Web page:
Will I Lose My Car in Bankruptcy?

While every case is different, it is possible to keep your car if you file for bankruptcy under the terms of either Chapter 7 or Chapter 13. If you file for bankruptcy under Chapter 7, with few exceptions your unsecured debt will be discharged. However, the court may liquidate a portion of your personal property in order to pay back some or all of what you owe creditors. Your car is considered personal property and may be subject to administration by the Bankruptcy Trustee for the benefit of the unsecured creditors. Whether or not your car is forfeited as a result of the bankruptcy process will depend on whether you have any equity in the car (difference in value minus what you owe on it), what exemptions are available to you under the Bankruptcy Code and if you can continue making scheduled payments on your car.

There is a greater chance you will be able to keep your car if you file for bankruptcy under the terms of Chapter 13. Since Chapter 13 reorganizes your debt, past due and subsequent regular car payments can be integrated into your repayment plan. Again, assuming you can continue making regular car payments and your car is not considered a luxury item, you should be able to keep your car.

If you have questions about filing for Chapter 7 or Chapter 13 bankruptcy, contact the law office of James H. Monroe, P.A. today to schedule an appointment and learn how we can help you.

Reaffirmation Agreements and Keeping Your Car After Bankruptcy

The 2005 changes to Bankruptcy Code introduced the use of reaffirmation agreements in bankruptcy. Essentially, a reaffirmation agreement is an agreement between a debtor and creditor to re-obligate the debtor on the debt in question. For example, a car dealership, bank or other lending institution will ask the debtor post Chapter 7 bankruptcy to sign a document indicating the amount still owed on his or her car and setting out the other terms of the loan. In essence, a reaffirmation agreement re-obligates the debtor on his or her pre-bankruptcy debt for that particular automobile. While reaffirmation agreements are often used to reassure people they can keep their car after filing for bankruptcy, they expose debtors to post-bankruptcy financial liability.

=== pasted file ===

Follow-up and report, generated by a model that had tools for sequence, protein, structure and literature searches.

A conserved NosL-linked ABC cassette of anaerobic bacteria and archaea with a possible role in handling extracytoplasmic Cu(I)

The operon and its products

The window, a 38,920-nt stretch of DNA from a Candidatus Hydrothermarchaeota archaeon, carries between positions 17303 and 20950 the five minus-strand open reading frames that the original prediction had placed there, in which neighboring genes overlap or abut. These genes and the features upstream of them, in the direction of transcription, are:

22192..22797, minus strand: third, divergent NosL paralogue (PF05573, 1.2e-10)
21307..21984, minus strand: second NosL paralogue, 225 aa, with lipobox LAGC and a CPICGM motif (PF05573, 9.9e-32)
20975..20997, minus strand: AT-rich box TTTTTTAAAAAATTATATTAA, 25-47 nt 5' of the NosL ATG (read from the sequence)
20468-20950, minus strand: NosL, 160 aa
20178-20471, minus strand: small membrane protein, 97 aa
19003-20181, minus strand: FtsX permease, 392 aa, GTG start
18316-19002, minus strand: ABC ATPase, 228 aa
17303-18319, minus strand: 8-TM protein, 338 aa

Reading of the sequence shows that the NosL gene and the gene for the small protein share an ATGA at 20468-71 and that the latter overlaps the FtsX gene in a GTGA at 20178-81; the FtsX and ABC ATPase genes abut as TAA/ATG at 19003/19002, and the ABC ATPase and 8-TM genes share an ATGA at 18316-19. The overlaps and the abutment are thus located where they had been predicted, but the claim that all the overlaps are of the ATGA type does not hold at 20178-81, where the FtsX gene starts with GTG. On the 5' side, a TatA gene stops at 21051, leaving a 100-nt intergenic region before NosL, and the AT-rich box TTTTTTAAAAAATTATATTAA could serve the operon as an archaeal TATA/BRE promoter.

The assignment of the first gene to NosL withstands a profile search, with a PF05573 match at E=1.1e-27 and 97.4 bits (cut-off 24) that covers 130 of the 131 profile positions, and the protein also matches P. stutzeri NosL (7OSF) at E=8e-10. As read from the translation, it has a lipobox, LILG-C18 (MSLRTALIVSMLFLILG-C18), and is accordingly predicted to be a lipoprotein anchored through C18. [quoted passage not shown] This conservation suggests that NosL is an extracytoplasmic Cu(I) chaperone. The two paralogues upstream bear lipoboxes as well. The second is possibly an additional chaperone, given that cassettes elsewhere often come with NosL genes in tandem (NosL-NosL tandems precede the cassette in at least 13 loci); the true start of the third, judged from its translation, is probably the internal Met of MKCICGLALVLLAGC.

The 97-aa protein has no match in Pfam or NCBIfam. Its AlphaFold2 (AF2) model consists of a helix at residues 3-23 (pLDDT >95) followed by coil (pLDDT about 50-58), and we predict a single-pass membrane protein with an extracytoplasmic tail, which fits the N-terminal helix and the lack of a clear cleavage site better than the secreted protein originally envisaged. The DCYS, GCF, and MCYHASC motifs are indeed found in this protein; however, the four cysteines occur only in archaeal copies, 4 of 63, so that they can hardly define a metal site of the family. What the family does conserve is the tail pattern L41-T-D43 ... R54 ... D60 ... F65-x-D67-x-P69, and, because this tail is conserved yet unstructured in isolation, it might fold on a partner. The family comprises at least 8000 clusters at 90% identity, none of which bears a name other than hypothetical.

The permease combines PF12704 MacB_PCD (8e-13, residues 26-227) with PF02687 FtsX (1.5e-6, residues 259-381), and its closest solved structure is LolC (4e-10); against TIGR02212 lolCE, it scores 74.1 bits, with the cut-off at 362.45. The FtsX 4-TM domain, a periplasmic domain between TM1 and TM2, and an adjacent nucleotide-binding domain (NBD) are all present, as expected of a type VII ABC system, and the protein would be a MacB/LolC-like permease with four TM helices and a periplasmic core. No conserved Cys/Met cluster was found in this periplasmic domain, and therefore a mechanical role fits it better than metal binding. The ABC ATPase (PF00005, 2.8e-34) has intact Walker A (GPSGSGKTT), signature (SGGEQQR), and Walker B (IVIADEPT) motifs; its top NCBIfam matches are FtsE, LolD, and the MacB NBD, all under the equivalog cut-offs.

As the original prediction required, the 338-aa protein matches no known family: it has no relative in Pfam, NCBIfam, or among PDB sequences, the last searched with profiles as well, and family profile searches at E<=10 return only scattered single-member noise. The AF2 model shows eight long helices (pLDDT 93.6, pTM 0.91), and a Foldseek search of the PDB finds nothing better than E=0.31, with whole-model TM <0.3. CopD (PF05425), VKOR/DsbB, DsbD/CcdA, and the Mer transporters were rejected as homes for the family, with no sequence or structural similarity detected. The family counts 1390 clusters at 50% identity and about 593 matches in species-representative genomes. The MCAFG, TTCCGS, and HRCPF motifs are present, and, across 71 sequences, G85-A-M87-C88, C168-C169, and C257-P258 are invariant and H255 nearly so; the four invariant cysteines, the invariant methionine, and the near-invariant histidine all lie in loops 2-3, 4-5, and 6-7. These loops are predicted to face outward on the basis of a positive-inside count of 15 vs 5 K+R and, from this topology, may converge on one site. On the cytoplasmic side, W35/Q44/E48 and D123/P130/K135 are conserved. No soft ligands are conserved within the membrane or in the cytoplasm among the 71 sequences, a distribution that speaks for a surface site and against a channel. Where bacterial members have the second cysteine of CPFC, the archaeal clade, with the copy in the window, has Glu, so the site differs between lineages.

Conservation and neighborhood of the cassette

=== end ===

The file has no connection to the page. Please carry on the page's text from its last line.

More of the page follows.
For instance, if after filing for bankruptcy you are unable to pay off the remaining debt on your car, a reaffirmation agreement entitles a car dealership or bank to repossess your car and sell it. They are then free to collect the remaining difference of the amount owed from you, just as if you had never filed bankruptcy. As such, signing a reaffirmation agreement can work to your financial disadvantage if there is some question as to whether or not you'll be able to pay off your car loan going forward. Additionally, if the value of your debt is greater than the value of your car, signing a reaffirmation agreement may not make good financial sense.

Contact Bankruptcy Lawyer James H. Monroe Today

There are a number of financial and legal issues that must be taken into consideration when filing for bankruptcy or signing a reaffirmation agreement. As your attorney, James H. Monroe advises and counsels you in regard to what is in your financial interest. As a bankruptcy attorney with over 30 years of experience in helping people and businesses file for bankruptcy, Mr. Monroe has the skill and knowledge needed to protect your rights and best interests.

To schedule a free consultation, contact the bankruptcy attorneys at James H. Monroe, P.A. today.